Update: The book was better than the movie, naturally, but the movie is definitely worth a watch. The acting is wonderful, although the movie leaves out a lot of major plot aspects in the book. Oh, and Benedict Cumberbatch is in it.
Divergent by Veronica Roth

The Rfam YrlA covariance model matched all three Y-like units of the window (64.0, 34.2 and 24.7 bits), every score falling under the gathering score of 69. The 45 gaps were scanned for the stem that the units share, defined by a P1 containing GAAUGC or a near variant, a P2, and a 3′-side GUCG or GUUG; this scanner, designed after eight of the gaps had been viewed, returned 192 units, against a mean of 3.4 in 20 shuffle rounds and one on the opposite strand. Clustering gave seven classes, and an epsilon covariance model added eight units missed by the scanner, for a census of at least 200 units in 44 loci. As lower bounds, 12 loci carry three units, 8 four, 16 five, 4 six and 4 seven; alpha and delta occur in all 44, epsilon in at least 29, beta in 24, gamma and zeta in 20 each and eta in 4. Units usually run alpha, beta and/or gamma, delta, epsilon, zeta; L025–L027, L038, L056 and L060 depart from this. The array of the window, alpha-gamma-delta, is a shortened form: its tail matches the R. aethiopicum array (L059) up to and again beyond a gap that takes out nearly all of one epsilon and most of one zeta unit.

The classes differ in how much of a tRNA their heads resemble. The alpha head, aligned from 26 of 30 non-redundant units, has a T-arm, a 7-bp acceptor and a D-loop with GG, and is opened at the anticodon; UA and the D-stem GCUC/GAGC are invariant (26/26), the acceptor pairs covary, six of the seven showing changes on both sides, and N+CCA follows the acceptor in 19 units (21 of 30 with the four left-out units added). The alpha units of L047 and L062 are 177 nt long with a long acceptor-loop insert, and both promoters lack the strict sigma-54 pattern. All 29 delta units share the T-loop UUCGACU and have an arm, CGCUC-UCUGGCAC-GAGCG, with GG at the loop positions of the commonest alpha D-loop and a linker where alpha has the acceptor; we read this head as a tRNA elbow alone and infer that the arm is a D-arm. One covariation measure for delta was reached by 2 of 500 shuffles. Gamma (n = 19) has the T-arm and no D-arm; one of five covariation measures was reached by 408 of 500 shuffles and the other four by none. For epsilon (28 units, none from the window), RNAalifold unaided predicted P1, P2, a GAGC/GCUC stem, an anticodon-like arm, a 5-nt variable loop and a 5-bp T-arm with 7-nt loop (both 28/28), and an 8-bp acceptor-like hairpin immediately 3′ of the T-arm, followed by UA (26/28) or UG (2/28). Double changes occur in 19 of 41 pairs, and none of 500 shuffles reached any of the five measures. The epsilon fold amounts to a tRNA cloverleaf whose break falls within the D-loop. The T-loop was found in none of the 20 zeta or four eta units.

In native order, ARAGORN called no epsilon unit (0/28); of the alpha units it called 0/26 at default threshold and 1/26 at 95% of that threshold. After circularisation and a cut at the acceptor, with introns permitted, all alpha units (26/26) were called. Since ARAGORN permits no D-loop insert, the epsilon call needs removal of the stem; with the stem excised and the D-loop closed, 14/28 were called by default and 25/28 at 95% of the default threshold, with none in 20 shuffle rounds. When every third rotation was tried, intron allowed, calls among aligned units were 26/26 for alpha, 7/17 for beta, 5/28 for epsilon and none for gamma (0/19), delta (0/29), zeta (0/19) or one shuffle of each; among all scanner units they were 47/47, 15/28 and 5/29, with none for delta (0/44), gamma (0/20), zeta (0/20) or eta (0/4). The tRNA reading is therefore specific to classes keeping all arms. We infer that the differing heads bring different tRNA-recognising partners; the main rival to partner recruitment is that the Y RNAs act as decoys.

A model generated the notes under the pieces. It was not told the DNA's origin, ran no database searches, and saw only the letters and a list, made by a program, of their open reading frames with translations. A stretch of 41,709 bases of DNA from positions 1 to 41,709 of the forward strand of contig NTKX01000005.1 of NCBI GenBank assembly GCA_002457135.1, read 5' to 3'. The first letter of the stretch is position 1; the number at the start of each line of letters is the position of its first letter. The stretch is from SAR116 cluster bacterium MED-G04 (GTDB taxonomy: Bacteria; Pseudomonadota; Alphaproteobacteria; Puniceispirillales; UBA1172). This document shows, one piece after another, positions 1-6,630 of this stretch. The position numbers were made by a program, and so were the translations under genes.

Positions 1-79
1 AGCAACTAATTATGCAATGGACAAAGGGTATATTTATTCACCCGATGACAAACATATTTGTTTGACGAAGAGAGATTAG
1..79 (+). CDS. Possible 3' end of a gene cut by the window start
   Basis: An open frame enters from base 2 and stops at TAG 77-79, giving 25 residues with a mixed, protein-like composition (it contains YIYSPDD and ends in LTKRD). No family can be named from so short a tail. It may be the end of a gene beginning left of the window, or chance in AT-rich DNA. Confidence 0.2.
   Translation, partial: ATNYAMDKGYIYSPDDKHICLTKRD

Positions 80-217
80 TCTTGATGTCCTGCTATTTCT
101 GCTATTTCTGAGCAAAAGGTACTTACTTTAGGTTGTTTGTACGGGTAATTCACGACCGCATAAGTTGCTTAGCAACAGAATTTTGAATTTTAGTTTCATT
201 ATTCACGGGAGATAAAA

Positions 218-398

Divergent is a dystopian novel about a girl who must decide which faction of society to put herself into now that she is sixteen. The factions are based on which character traits are strongest in a person. I know I’m a little late in reading this novel, but at least I read it before I saw the movie. (I would recommend doing that, by the way, I would always recommend doing that.) Anyway, once she picks her faction, she novel follows her struggle to fit in there and understand herself and the society of which she is a part. Except there’s a lot more action. I’m not really sure how to go into more detail without giving away elements of the plot. Also, if you can help it, don’t watch the movie trailer before you read the book, there are a lot of spoilers. I’m sure it would have been a little more intense if I hadn’t already known part of what was going to happen. Still, it was difficult to put down. This novel is faintly reminiscent of The Hunger Games, but it’s unique enough to not feel simply like another teen-angst-set-in-the-bad-future book. (Disclaimer: That’s not what I thought of The Hunger Games, but plot lines do have a tendency to get old, especially in the YA genre.) The writing style is simple and easy-to-read, and the characters are lovable and fascinating (although there are quite a few and some of them are not very memorable). I love a good action-adventure heroine, and Tris does not disappoint.